Anyone in a leadership position cares about the people they are supposed to lead. They care about their productivity. They care about their attitude. They care about their attendance. They care about the people they are supposed to lead getting the work done. They care about lots of things when it comes to the people they are supposed to lead.

But an Authentic Leaders cares for the people they lead. They care for them as individual human beings first and members of the organization second. The people they lead are more important than the task they ask them to complete. The people they lead are more important than their attendance record at work. Authentic Leaders don’t worry about the attitude of the people they lead. They create an environment of positivity that fosters a consistent positive attitude. They do all of that because they care for the people they are responsible to lead.

Authentic Leaders make a difference, a positive difference, in the lives of the people they lead and they don’t need a leadership position or a fancy title to make that happen.

Are showing your people that you care about them or are you demonstrating on a daily basis that you care for them? Do you invest the time required to know the people you lead? Do you know their goals, both personal and professional? Do you know the challenges they face in their lives. Do you know how you can help them achieve those goals and deal with those challenges?

If you can answer those questions with a yes then it’s likely that you are also demonstrating that you truly care for the people you lead. It is also almost a certainty that you’re an Authentic Leader!

Managing vs Leading – Part One

Most people who find themselves in a leadership position for the first time got there because they were good at doing whatever they were doing. They were then promoted to lead their former co-workers.

That’s great except for the fact that they are very unlikely to actually lead. They make what is the most common leadership mistake of all. They assume that their new position makes them a leader. It absolutely does not!

Your position or title gives you an opportunity to earn the chance to lead. Nothing more and nothing less.

Most people appointed to a leadership position tend to “lead” the way they were “led” by the people who they worked for. If you had a bad boss then you’ve got a head start on being a bad boss yourself. If you were managed instead of led then you’ll likely attempt to manage your people as well.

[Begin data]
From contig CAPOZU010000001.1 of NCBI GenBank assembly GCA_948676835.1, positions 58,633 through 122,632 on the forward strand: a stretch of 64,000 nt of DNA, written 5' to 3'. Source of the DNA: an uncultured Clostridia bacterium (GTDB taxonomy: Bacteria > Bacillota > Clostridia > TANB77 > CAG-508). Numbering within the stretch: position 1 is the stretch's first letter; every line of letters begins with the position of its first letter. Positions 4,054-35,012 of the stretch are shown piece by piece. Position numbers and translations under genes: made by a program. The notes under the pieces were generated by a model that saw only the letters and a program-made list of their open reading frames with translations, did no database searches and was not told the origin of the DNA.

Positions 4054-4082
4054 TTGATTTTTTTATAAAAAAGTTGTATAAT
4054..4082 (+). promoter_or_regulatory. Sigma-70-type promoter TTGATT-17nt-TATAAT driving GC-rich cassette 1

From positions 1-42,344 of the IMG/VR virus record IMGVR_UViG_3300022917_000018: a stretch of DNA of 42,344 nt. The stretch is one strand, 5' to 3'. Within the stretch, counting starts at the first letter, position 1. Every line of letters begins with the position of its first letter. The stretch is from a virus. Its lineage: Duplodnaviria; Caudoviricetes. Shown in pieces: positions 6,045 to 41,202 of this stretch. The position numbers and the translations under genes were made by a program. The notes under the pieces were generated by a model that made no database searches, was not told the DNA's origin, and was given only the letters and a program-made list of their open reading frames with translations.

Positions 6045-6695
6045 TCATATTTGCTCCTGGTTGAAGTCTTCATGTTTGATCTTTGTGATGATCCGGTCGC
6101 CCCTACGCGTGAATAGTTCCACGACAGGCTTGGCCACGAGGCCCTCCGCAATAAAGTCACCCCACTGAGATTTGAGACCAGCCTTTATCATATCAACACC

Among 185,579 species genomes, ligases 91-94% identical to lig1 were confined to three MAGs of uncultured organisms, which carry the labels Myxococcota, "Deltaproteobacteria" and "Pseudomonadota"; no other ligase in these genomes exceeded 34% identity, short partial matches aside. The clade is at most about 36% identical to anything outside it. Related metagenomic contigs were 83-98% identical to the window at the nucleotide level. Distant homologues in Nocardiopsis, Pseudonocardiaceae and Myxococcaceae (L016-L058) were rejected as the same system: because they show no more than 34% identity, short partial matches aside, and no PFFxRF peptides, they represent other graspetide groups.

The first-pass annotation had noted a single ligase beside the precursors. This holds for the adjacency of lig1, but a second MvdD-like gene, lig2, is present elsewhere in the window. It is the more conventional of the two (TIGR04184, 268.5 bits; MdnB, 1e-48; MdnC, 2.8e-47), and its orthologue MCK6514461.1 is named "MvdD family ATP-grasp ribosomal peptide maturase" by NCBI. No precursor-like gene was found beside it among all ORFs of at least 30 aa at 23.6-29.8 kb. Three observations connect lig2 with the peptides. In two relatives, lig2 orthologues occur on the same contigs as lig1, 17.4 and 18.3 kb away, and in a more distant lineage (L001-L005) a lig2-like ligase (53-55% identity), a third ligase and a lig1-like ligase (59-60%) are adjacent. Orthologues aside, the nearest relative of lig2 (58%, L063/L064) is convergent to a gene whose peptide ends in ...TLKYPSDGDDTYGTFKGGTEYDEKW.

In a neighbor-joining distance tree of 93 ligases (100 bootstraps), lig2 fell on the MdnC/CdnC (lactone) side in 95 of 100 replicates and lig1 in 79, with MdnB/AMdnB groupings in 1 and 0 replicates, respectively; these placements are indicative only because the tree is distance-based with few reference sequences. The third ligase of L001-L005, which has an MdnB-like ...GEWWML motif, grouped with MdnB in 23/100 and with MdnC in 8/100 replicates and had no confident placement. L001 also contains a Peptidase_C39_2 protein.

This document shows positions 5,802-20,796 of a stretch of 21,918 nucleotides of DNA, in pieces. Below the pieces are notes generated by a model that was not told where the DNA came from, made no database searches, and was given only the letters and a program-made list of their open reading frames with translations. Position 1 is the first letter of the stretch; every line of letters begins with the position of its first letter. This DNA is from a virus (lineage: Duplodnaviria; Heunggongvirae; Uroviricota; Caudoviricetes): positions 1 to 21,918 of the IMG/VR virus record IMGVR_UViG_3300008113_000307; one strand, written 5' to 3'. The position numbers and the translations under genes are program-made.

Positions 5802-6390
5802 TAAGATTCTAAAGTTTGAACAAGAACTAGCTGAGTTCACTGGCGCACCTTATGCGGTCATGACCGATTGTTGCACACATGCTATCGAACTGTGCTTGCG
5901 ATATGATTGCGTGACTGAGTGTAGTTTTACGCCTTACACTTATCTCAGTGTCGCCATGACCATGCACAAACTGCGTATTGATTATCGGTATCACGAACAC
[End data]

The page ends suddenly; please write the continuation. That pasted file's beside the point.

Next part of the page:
The problems associated with trying to manage another human being are too numerous to list here. But here are some of the big ones.

Poor attitude. People resist being managed, they need leadership. So managed people tend to have poor attitudes. They push back against being managed in a ton of ways, some subtle and some not so subtle. They procrastinate when given a directive. They have attendance issues. They seem to require constant attention. They question almost every decision. They resist, sometimes massively, any kind of change.

Research shows they most people are terminated due to some type of attitude issue. What most people in leadership positions fail to understand is that it was their lack of ability to truly lead that caused the poor attitude of the person they just fired.

If you’re tempted to say that you are not responsible for the attitude of your people then please immediately stop thinking of yourself as a leader. Developing an environment and culture that helps nurture a positive attitude is a prime responsibility of Authentic Leadership.

Lack of initiative. Every employer wants “self-starters” or people who can work effectively while unsupervised. But managed people seldom take the initiative….for anything but lunch and break periods. Even people with a “go-getter” mentality don’t go very far when managed instead of led. They do what it says to do in their job description (maybe) and not much more. If someone who works for you refuses to do something that isn’t explicitly spelled out in their job description that’s a sure sign they feel as if they are being managed. People who feel managed do the bare minimum required to keep their job. When you think about it that’s only fair since their manager is doing the bare minimum to help them do it.